Ethics Opinion 834

By Committee on Professional Ethics

December 15, 2009

Ethics Opinion 834


By Committee on Professional Ethics


Committee on Professional Ethics 

Opinion #834 (12/15/2009)
Distinguishing N.Y. State 771 (2003) in light of rule changes

Topic:   Use of disclaimer with client testimonials or endorsements.
Digest:    Under the New York Rules of Professional Conduct, truthful client testimonials or endorsements are permitted if accompanied by the disclaimer specified in Rule 7.1(e)(3).
Rules:   7.1(a)(1), (d)(3), and (e)(3)


  1. Must an advertisement that contains a client testimonial or endorsement also contain the disclaimer: “Prior results do not guarantee a similar outcome”?


  1. Rule 7.1(d)(3) provides that an advertisement that complies with Rule 7.1(e) may contain “testimonials or endorsements of clients … and of former clients.”[3]   Rule 7.1(e)(3) requires advertisements containing testimonials or endorsements of clients to include the following disclaimer: “Prior results do not guarantee a similar outcome.” Therefore, under the new Rules, an advertisement that contains a client testimonial requires the prescribed disclaimer concerning results.
  2. At the time we decided N.Y. State 771, the New York Code of Professional Responsibility did not have a specific Disciplinary Rule dealing with client testimonials. However, DR 2-101(A) of the Code did prohibit advertisements that were “false, deceptive or misleading,” so this Committee examined client testimonials under that standard.   We opined under that standard that the nature of the testimonial determined whether a disclaimer of the kind now mandated by Rule 7.1(e)(3) was required. Like DR 2-101(A) of the old Code, new Rule 7.1(a)(1) prohibits testimonials that are false, deceptive or misleading, but now Rule 7.1(e)(3) always requires the disclaimer set out in that subparagraph.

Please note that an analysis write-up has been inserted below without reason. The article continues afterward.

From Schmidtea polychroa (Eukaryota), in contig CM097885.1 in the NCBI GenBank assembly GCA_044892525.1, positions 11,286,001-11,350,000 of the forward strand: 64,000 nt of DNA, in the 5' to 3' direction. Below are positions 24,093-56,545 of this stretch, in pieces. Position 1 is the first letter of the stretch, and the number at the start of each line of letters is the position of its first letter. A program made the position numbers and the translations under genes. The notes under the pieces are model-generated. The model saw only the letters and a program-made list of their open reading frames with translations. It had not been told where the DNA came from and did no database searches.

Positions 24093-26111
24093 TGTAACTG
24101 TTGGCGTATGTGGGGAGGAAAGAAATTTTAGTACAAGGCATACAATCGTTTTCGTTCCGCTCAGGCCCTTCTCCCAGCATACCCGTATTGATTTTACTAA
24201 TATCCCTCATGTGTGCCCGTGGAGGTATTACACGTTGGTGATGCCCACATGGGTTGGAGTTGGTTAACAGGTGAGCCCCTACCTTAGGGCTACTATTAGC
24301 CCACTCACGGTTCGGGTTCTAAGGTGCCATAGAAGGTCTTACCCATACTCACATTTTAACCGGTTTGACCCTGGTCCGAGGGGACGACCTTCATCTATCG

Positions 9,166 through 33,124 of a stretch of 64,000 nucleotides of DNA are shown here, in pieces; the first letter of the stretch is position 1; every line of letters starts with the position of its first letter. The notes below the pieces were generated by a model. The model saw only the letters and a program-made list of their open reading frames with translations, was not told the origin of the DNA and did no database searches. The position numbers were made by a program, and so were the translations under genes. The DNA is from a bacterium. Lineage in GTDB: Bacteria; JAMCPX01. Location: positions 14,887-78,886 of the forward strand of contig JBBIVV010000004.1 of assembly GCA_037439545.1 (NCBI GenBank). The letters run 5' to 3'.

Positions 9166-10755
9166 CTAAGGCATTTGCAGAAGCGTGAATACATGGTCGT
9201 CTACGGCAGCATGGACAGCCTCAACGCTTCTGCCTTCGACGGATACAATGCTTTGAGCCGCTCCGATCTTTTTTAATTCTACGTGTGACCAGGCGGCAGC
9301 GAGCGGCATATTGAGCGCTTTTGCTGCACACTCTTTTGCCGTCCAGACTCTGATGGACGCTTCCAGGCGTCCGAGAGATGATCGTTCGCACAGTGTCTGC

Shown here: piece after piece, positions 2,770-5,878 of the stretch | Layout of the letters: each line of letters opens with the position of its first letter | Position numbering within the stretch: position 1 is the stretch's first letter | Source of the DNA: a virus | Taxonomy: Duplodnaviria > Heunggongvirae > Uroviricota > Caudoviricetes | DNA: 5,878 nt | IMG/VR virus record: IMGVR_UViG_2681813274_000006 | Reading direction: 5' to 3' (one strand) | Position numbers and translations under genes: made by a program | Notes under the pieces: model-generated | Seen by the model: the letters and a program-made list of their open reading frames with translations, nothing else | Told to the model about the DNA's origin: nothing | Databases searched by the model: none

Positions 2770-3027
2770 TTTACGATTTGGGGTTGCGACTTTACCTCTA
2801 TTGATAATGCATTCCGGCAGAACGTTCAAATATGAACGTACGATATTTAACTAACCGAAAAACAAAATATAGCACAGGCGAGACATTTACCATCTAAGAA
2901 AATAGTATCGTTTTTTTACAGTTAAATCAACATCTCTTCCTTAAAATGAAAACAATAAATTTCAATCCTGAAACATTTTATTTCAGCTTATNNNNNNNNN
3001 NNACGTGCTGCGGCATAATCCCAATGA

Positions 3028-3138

1.  We answer the question in the affirmative. Under Rule 7.1(e)(3), an advertisement that contains a client testimonial or endorsement must also contain the disclaimer: “Prior results do not guarantee a similar outcome.”


[1]N.Y. State 771 was decided in the context of website advertising, but the principles enunciated in that opinion applied to all forms of attorney advertising, as does this opinion.
[2]The rule amendments addressed in this opinion are based verbatim on language that took effect on February 1, 2007, when the Courts amended the Disciplinary Rules governing advertising and solicitation in the old Code of Professional Responsibility. 
[3]A restriction on testimonials or endorsements from current clients is contained in Rule 7.1(c)(1), which provides that an advertisement shall not “include an endorsement of, or testimonial about, a lawyer or law firm from a client with respect to a matter still pending.”   Rule 7.1(c)(1) was declared unconstitutional and its enforcement was permanently enjoined in Alexander v. Cahill, 634 F.Supp.2d 239 (N.D.N.Y. 2007), but the defendants (disciplinary counsel in all four Departments) appealed to the Second Circuit, and the appeal was still pending when we issued this opinion.   The outcome does not affect our analysis here because Rule 7.1(c) regulates only the types of testimonials and endorsements permitted, not whether they require a disclaimer.
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